In this section:
- Where the keymaps are stored?
- Configuring keyboard shortcuts and mouse shortcuts
- Searching for actions
IntelliJ IDEA is a keyboard-centric IDE. Most of the actions (navigation, refactoring, debugging, etc.) can be carried out without using a mouse, which lets dramatically increase coding speed. If you had used another IDE for a while and have memorized your favorite keyboard shortcuts, you can use them all in IntelliJ IDEA.
IntelliJ IDEA completely suits your shortcut habits by supporting customizable keymaps. A keymap is a set of keyboard and mouse shortcuts that invoke different actions - menu commands, editor operations, etc. IntelliJ IDEA comes with a set of pre-configured keymaps.
Pre-configured keymaps are not editable. If you need to change some shortcuts, the copy of the current selected pre-defined keymap is created automatically:
Where the keymaps are stored?
All user-defined keymaps are stored in separate configuration files under the config/keymaps subdirectory in the IntelliJ IDEA profile directory:
- Windows and *NIX systems: <User home>/.IntelliJ IDEA <xx>/config/keymaps
- Macintosh systems: ~/Library/Preferences/.IntelliJ IDEA <xx>/keymaps/
Each keymap file contains only differences between the current and the parent keymaps.
Configuring keyboard shortcuts and mouse shortcuts
- Open the Settings dialog and click Keymap.
- Select one of the pre-configured Keymaps, which you want to use as the base for the new one, and click Copy. Accept the default name, or change it as required.
- In the content pane of actions, select the desired action.
Configure keyboard shortcuts. To do that, follow these steps:
- Click on the toolbar, or right-click the selected action, and choose Add Keyboard Shortcut. Enter Keyboard Shortcut dialog box opens.
- Press the keys to be used as shortcuts. The keystrokes are immediately reflected in the
First Stroke field. Optionally, select the check box next to
Second Stroke and press keys to be used as alternative keyboard shortcuts.
As you press the keys, the Preview field displays the suggested combination of keystrokes, and the Conflicts field displays warnings, if some of the keystrokes are already assigned to the other actions.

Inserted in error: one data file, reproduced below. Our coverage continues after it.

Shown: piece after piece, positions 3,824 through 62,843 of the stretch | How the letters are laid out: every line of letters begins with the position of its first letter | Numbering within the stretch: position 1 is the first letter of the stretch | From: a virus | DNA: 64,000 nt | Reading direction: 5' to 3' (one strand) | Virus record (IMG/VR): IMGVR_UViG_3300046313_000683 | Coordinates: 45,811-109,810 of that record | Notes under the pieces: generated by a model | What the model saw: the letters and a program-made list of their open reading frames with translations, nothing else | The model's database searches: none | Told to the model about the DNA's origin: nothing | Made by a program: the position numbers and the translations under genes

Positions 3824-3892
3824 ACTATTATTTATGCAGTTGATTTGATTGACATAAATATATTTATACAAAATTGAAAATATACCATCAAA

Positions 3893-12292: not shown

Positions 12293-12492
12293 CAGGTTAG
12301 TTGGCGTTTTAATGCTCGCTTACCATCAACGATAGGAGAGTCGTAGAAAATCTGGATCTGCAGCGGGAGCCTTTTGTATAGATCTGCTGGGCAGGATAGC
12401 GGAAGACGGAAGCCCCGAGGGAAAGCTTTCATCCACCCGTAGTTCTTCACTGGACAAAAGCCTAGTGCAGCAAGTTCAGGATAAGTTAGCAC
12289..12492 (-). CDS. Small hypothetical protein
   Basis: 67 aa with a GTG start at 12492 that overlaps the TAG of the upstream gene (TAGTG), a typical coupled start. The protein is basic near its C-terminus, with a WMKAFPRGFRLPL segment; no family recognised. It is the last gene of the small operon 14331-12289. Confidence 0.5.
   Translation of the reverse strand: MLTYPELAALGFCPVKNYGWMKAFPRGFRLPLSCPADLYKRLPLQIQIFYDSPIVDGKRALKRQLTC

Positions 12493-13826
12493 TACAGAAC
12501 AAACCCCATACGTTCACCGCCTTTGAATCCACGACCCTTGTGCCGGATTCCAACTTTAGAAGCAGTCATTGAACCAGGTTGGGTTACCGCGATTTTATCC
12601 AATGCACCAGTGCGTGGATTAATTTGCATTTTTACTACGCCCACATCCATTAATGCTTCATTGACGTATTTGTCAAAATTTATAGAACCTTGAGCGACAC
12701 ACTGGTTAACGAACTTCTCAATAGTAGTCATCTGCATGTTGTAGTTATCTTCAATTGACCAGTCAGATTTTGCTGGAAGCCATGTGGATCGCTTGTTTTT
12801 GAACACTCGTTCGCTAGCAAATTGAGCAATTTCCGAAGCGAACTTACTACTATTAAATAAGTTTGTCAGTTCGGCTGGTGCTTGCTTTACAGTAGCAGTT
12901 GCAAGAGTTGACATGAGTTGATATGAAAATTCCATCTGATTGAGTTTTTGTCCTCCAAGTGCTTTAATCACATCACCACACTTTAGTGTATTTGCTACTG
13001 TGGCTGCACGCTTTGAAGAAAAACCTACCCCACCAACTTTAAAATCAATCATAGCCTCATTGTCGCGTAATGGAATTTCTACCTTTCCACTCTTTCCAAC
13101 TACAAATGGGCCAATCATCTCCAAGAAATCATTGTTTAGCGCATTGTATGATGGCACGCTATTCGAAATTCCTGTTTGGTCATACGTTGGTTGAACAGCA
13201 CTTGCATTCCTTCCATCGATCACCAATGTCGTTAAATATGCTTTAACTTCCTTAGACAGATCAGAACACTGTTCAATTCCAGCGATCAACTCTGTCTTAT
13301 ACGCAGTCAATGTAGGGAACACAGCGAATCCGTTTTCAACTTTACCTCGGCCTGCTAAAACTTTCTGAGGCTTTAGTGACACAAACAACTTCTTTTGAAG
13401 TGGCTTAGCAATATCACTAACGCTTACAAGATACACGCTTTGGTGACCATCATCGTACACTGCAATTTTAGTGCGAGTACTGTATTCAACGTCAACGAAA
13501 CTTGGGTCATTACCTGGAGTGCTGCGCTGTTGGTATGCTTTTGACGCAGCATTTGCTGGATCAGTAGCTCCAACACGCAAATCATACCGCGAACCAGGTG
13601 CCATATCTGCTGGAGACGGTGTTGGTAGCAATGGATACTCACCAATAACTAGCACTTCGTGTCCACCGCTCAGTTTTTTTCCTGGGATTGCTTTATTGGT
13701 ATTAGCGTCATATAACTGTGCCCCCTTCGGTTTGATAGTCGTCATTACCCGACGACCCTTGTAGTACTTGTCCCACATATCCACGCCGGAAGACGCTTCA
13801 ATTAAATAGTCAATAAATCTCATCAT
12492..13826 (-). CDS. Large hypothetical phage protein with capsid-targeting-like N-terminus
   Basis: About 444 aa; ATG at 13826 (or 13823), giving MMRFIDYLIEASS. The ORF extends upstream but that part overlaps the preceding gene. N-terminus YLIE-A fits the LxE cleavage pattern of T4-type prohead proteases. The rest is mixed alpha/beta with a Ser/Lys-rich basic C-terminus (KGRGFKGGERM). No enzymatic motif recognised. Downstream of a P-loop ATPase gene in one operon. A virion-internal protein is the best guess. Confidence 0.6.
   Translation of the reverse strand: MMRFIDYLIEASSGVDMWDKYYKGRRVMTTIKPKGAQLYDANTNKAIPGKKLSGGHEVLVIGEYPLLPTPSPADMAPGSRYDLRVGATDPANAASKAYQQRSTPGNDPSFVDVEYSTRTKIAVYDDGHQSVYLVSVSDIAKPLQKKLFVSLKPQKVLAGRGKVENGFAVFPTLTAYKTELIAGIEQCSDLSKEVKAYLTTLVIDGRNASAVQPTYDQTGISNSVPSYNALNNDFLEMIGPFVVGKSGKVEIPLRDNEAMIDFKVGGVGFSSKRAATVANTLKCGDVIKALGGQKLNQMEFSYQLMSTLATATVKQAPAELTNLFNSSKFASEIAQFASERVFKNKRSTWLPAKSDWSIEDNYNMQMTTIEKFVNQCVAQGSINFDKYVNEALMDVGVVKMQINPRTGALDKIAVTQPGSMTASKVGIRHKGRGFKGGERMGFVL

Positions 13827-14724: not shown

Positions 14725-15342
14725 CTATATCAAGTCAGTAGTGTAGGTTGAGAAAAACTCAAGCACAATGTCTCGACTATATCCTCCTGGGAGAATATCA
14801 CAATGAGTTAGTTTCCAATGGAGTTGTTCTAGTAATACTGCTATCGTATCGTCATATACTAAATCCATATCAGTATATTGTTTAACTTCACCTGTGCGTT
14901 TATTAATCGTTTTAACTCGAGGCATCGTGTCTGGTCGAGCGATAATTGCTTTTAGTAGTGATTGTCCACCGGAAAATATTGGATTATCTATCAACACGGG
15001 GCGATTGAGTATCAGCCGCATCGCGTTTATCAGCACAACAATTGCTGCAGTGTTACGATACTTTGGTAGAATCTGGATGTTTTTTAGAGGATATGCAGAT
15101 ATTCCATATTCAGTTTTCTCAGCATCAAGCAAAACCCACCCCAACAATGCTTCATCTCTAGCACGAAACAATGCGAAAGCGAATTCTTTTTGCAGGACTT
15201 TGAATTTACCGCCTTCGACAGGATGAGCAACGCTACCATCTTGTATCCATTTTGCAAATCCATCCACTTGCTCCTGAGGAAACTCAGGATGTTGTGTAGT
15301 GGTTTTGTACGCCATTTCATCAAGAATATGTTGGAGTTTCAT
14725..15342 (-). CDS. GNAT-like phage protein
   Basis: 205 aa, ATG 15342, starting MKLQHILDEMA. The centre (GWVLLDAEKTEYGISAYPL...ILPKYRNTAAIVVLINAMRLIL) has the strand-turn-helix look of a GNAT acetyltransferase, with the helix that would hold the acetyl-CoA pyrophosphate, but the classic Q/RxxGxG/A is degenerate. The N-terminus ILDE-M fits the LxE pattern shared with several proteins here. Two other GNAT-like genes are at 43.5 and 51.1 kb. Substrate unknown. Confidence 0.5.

- Click OK with the mouse pointer to create a shortcut and bind it with an action.
It is important to use the mouse pointer, because any keystroke is interpreted as a shortcut.
Configure mouse shortcuts. To do that, follow these steps:
- Click on the toolbar, or right-click the selected action, and choose Add Mouse Shortcut on the context menu, if you need to bind an action to a mouse click. Enter Mouse Shortcut dialog box opens.
- In the Click Count section, click a radio button to choose a Single Click or Double Click.
- Hover your mouse pointer over the section Click Pad and click the desired mouse button. Use , , and modifiers for diversity. As you click, the Shortcut Preview field displays the suggested shortcut, and the Conflicts field displays warnings, if some of the shortcuts are already assigned to the other actions.
- Click OK or Press to create a shortcut and bind it with an action.
If a conflict is reported, a warning message appears. You can choose one of the following options:
- Remove to remove all other bindings and preserve the new one.
- Leave to preserve all bindings including the new one.
- Cancel to return to the keymap definition.
Although you can ignore conflict and bind a shortcut with several actions, it is strictly recommended to avoid binding two actions with the same shortcut, because the order of performing such actions is not defined.
Searching for actions
Use the Keymap page to search for certain actions by name, of by shortcut.
To find an action by name, type this name in the search field . As you type, the content pane shows actions with the matching names.
To find an action by shortcut, click . In the Filter Settings dialog box, start pressing keys. The content pane shows only the actions with the matching shortcuts.
Click your mouse somewhere outside the Filter Settings dialog box to close it. Avoid using keys, since any keystroke is interpreted as a shortcut.